The best thing you and I can do at the end of the writing day is to stash our work gloves in our locker, hang our leather apron on a hook, and head for the workshop door. If we’ve truly put in our hours today, we know it. We have done enough. It won’t help to keep at it like a dog worrying a bone.
~ Steven Pressfield from, https://stevenpressfield.com/2014/08/the-office-is-closed/
…and similarly: https://www.calnewport.com/blog/2012/07/24/perfectionism-is-a-losers-strategy/
I’ve recently learned that “inertia” as a word, was first applied to the cosmos during a fairly recent philosophical shift in thinking. People like Copernicus were looking at the cosmos and used “inertia” to point out the universe’s inherent, not-alive property; as in, the cosmos possesses inertia, the property of being inert. Newton’s idea of inertia, in the sense that slow moving dump trucks have a lot of inertia, aligns with the idea that the inert cosmos resists. It resists starting and it resists stopping. Newton’s equation, “F=ma” is a result of inertia; If (F)orce is zero on the left, then (a)cceleration is zero on the right. If acceleration is zero, then velocity remains constant.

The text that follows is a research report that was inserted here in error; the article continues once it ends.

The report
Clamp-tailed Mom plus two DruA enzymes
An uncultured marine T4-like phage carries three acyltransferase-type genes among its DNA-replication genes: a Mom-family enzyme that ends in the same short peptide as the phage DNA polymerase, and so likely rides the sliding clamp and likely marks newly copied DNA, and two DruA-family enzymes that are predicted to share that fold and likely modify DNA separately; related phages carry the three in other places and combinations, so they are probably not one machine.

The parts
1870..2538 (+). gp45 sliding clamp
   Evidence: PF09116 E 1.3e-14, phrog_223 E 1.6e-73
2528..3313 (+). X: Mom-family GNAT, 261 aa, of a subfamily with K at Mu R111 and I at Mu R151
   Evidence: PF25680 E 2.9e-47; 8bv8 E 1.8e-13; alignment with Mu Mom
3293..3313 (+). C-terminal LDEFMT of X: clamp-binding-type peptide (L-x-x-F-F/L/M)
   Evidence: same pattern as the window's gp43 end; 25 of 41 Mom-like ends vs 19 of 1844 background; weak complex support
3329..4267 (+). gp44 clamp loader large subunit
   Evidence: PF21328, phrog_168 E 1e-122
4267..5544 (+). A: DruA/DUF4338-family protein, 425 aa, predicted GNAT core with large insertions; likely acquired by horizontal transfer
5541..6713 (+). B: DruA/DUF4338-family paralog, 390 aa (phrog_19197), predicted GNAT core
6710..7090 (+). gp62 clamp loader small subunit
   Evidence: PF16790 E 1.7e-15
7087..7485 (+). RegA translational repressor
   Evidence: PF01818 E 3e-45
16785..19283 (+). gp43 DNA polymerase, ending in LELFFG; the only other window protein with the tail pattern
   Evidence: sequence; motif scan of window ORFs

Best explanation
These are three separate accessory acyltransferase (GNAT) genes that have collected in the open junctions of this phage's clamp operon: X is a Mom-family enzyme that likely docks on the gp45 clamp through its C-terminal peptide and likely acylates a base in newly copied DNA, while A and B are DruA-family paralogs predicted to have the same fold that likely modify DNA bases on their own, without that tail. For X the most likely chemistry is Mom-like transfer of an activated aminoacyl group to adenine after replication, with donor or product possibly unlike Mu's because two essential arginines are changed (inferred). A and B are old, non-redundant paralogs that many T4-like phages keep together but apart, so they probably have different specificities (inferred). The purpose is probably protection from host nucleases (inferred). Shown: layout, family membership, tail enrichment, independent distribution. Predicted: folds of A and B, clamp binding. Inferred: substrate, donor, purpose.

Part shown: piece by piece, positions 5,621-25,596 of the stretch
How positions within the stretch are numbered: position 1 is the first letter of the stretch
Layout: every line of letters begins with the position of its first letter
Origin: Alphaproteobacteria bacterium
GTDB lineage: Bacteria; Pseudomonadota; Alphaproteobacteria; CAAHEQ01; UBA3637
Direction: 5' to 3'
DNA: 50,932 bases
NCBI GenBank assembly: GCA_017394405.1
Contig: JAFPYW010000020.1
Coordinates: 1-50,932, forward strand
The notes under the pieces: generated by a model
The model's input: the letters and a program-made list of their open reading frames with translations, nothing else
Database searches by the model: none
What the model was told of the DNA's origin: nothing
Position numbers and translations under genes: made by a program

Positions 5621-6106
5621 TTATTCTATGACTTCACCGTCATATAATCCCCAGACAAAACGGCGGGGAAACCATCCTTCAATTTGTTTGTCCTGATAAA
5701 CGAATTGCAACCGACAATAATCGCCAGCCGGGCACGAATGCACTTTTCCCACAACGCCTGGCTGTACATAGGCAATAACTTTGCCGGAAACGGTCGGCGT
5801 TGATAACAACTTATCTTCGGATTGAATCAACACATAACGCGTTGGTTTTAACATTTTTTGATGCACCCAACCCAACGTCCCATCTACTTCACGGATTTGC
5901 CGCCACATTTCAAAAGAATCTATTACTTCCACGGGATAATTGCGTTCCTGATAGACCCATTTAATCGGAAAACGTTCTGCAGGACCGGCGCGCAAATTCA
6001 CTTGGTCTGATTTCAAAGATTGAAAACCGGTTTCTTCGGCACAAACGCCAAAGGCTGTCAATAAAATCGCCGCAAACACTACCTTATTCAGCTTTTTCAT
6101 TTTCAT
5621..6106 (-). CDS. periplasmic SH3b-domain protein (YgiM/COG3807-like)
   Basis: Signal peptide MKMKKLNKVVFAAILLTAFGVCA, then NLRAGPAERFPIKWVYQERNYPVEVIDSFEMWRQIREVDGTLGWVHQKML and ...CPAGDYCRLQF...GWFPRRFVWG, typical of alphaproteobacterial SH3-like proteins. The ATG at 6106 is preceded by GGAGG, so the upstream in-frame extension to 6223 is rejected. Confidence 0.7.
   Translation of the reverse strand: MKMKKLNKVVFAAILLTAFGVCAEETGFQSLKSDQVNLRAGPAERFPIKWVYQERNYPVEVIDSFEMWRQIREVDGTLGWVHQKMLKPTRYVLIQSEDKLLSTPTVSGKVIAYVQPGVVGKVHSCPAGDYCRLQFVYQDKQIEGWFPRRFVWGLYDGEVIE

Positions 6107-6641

Aside: “velocity” is speed, “how fast?” and direction, together as one property. Turning a corner in a car, at the same speed, is a change in velocity. To do so requires force from the steering tires of the car. The steering wheel is simply a well designed control for applying lateral force to the front of your car to control your velocity without changing your speed.
Where was I? …oh, right! Inertia. The cosmos. Back to it…
The inert cosmos resists starting and stopping. But I am not inert! I long ago recognized that when I was not moving—figuratively speaking, moving by being engaged making progress toward some goal… When I was not moving, then I needed to do something to get moving. I needed to start, and realizing that I was bad at starting, I needed to practice starting. Okay, did that.
Unfortunately, I have created a new problem: I don’t know how to stop. It turns out one really needs to also be able to start and to stop. Now that I’ve mastered starting, I can finally begin to learn to stop.
<sarcasm>And surprise!</sarcasm> F=ma. Starting and stopping are equally difficult.